from further embarrassment in the VB Series against Australia
and Sri Lanka.
Nobody has been more disappointed and frustrated at his slow recovery
from a double hernia operation last summer than Freddie himself.
But nobody could have worked harder at getting his body into peak
Freddie has been working four to five hours a day one-to-one to
get his body back into shape and his work in the nets has been
increasing over the last month. So much so that the ECBs
chief medical officer was very impressed with his conditioning
when he supervised a fitness test earlier this week.
It looks like Freddie will get some action with the Academy side
at least if England fail to qualify for the finals of the VB Series.
He can not wait for the chance to do what he does best getting
the ball to fizz at the worlds best batsman and dispatching
the deliveries of the games greatest bowlers to all corners
of the pitch and grandstands.
The Importance of Vaughan to the England Team
Freddies ISM colleague Michael Vaughan could also help Englands
cause again after benefiting from 10-days rest following his player-of-the-series
heroics during the Test series.
Michael is another England must-have for South Africa because
our one-day batting after the opening pair has been anything but
consistent. The Yorkshiremans injured shoulder and knee
have recovered sufficiently, but his return may have come too
late to prevent further one-day disappointment.
The Adelaide pitch for Fridays game will suit Sri Lanka
more than the fast, bouncy tracks they suffered on in Perth and
Michaels presence in the batting order would give a considerable
boost to any side and England have never wanted it more than now
as they bid to recover from a couple of red-faced defeats.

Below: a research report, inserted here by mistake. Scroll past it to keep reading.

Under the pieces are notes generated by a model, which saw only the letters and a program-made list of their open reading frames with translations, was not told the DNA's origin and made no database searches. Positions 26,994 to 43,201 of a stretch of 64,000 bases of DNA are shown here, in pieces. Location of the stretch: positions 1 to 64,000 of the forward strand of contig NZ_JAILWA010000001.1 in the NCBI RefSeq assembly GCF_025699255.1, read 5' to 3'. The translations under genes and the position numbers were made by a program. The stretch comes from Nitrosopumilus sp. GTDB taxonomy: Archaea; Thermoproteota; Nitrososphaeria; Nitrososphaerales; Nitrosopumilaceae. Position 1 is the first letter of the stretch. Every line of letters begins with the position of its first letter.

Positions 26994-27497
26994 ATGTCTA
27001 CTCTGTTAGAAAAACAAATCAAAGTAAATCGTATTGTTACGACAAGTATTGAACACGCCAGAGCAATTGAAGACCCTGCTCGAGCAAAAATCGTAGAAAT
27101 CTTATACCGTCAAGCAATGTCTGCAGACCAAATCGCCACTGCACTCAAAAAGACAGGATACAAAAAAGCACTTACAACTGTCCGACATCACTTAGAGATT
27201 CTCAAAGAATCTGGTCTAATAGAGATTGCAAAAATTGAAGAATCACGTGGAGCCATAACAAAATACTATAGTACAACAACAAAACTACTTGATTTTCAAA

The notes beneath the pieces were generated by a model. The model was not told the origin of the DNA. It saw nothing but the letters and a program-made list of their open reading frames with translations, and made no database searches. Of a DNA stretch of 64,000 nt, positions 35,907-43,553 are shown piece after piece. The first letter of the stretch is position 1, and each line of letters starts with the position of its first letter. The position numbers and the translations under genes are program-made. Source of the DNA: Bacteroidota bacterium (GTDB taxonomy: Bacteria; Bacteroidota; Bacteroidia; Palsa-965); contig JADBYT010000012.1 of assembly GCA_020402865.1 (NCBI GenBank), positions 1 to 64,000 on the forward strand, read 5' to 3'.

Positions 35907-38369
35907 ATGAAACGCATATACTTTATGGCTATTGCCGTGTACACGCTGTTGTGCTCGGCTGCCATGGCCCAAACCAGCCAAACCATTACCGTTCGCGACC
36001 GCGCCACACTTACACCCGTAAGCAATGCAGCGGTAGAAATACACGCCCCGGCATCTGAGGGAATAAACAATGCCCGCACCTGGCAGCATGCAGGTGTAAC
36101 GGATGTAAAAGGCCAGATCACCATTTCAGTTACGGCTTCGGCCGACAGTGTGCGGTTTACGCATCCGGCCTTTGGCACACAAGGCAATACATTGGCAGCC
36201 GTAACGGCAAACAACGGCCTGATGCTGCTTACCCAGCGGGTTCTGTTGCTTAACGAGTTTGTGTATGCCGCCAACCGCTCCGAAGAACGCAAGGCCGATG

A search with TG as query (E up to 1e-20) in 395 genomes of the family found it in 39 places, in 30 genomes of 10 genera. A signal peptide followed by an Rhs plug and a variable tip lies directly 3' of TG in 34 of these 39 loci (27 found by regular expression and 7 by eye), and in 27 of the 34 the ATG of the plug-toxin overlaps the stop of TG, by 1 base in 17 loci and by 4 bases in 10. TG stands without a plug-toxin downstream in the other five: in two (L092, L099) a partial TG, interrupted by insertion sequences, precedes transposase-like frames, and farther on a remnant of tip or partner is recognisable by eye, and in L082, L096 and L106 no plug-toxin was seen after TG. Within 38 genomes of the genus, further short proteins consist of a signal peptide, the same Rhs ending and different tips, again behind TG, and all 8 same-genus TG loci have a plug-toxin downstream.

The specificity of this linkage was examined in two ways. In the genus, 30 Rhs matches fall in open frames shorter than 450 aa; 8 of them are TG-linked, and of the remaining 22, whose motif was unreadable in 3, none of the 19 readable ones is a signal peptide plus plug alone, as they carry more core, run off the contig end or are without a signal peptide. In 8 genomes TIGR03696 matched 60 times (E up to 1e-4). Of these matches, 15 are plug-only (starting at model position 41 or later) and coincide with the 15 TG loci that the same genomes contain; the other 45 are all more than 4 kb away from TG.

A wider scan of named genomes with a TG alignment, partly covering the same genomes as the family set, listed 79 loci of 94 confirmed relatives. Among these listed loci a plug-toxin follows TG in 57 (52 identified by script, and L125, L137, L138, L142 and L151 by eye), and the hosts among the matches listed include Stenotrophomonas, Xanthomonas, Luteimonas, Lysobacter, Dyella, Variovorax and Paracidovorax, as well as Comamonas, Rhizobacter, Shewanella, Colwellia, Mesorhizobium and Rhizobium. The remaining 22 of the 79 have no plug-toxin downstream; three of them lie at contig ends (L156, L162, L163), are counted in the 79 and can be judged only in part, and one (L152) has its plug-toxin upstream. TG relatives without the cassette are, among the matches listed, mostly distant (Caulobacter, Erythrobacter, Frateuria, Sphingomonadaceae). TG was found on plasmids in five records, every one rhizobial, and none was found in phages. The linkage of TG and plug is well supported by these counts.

Our discipline in all three departments has let us down. The number
of extras conceded means we have been virtually playing against
12 men every game. Between 20 and 30 is far too many. It makes
an enormous difference to a batsmans psyche when he goes
out to chase a 250 target rather than 275.
There can be no criticism of our opening pair, but batsmen who
score 70 or 80 must somehow ensure that they turn those totals
into a ton plus to ease the pressure later. England have so far
been let down chasing when the pressure is at its greatest so
somebody has to stick their hand up and say: I am the man
for the job.
The hardest part of one-day cricket is closing a game out and
England have not had anybody consistently capable of assuming
that role. Unfortunately we have been making the same mistakes
over and over.
I believe Steve Harmison has a big part to play in Englands
Test future, but I am not as convinced about his one-day contributions.
Unfortunately he does not bowl straight enough in the shortened
game to produce the required economy.
At the moment, England have not batted, bowled or fielded well
enough to send out an early World Cup message. The return of Flintoff
and Vaughan may just change that.
Lets hope so.